Since this is aimed at teens who are 13 to 17, I also feel like the flagrant use of foul language was wholly unnecessary. Unlike another teen DC graphic novel coming out soon after this, Kami Garcia’s ‘Teen Titans: Raven,’ that doesn’t have expletives and talk about things like penis size thrown in, this probably will be the reason for reconsideration for libraries (especially school libraries) carrying this book. I am not naïve about the use of swearing in YA lit, but it seems excessive in ‘Under The Moon’ and distracted me from the story, being used in a way that seemed like it was used to pander to  young readers (who may think it’s ‘cool’ to talk like this).

 

I also got a very mixed notion as to who Selina is because of the swings in her characterization. Her portrayal is quite inconsistent, at once dismissive of the few friends she has, then she acts the opposite way soon afterward (although her compassion towards Rosie in the latter part of the novel is heart-warming). The self-harming comes out of nowhere. She is sometimes self-assured and then not remotely confident. And her connection to Bruce Wayne, which apparently starts in preschool, feels more confusing than it ever is in most literary and cinematic portrayals of Catwoman so far. Him being at public school is yet another diversion from his own origin story.

Something else that irritated me, is Selina’s inconsistent connection to CATS. I wasn’t convinced entirely by the way she came to call herself ‘Catgirl’ despite the event that preceded this juncture.

 

I wanted so much to love this graphic novel: the sentiments of her being a stray and her loneliness are powerful, with these being reasons for her ‘cat-burglar’ behavior, but I found too many problems that I couldn’t look past. Fleshed out and with paying more attention to the deeper issues in this story I would maybe go along with Selina’s backstory, but I can't recommend this, as it is right now (*as always, edits may be made before publication), to the targeted reader group.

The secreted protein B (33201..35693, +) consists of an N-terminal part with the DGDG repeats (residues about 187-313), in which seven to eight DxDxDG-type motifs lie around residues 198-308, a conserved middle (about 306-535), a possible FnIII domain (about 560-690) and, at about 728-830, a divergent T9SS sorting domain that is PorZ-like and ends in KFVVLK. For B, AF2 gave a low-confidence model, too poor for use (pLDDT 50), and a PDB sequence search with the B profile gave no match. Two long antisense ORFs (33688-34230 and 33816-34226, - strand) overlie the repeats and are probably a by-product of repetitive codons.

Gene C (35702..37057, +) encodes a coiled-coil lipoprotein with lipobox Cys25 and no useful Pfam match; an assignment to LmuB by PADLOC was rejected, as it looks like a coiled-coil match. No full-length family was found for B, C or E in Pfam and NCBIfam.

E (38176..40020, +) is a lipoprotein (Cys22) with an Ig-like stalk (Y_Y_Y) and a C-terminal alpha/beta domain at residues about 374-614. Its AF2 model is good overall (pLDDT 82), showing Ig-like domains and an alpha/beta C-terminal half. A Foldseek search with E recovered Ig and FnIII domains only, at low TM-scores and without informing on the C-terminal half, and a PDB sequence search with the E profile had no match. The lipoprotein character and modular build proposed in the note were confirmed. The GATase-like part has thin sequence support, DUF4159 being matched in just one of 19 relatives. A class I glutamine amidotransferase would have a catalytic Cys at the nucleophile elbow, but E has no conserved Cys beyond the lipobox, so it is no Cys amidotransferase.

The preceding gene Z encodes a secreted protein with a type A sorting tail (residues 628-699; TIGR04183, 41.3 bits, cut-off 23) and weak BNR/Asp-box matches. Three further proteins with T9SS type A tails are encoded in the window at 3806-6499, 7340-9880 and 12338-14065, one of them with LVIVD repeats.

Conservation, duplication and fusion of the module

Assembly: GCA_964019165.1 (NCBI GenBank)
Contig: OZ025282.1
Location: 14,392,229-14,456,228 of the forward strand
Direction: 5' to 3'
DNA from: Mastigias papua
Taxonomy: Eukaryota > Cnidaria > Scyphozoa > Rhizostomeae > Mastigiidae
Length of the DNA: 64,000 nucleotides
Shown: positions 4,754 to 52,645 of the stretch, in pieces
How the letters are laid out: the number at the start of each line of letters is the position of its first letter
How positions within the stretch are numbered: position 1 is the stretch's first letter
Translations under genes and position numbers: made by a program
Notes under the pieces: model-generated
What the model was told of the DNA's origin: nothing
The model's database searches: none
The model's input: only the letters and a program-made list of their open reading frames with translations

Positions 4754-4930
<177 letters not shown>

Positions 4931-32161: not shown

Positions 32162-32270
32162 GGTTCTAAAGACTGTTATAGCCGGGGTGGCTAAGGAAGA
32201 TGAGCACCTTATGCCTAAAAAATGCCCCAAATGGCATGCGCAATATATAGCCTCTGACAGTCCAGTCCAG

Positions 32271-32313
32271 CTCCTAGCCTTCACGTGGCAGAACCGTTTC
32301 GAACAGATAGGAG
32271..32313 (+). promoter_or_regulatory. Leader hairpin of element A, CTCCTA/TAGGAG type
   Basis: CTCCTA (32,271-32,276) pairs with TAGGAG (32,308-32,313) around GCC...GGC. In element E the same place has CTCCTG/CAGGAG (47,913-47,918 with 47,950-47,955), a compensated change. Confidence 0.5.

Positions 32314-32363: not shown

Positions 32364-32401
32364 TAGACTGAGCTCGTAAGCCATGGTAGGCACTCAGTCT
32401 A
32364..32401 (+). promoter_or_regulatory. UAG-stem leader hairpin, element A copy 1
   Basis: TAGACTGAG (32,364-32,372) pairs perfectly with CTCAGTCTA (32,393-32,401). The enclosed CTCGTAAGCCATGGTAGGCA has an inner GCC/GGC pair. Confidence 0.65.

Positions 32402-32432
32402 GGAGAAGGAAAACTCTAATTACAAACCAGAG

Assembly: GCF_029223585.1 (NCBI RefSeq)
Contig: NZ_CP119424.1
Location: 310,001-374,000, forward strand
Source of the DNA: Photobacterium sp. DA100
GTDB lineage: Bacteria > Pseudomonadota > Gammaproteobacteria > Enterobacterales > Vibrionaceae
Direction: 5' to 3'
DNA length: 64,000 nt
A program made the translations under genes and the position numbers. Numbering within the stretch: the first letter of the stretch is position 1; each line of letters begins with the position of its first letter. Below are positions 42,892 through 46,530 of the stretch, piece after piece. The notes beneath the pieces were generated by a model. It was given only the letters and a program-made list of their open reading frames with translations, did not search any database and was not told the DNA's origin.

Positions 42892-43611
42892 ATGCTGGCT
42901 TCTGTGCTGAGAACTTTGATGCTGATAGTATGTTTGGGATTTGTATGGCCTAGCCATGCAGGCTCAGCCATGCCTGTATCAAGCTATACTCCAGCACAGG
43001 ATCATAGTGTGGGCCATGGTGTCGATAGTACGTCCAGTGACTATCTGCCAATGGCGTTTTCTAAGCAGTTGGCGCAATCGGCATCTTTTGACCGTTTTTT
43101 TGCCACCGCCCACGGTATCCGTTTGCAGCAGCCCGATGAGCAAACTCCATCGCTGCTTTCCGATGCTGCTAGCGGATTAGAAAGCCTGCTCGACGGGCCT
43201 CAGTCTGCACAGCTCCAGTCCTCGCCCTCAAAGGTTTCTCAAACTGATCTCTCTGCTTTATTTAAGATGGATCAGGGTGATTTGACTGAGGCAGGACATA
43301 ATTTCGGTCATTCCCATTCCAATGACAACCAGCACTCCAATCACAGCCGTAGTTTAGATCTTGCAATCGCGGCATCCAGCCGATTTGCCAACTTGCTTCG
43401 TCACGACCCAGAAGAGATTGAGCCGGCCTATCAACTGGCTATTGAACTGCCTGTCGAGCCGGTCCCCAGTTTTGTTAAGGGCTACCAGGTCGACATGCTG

**Points/extra star for cool artwork.

 

 

Source: www.goodreads.com/book/show/38452822-under-the-moon?ac=1&from_search=true
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video 2019-01-15 07:01
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review 2018-10-22 05:47
The Pharaoh's Treasure: The Origin of Paper and the Rise of Western Civilization by John Gaudet
The Pharaoh`s Treasure - The Origin of Paper and the Rise of Western Civilization - John Gaudet

TITLE:  The Pharaoh's Treasure: The Origin of Paper and the Rise of Western Civilization

 

AUTHOR:  John Gaudet

 

DATE PUBLISHED: October 2018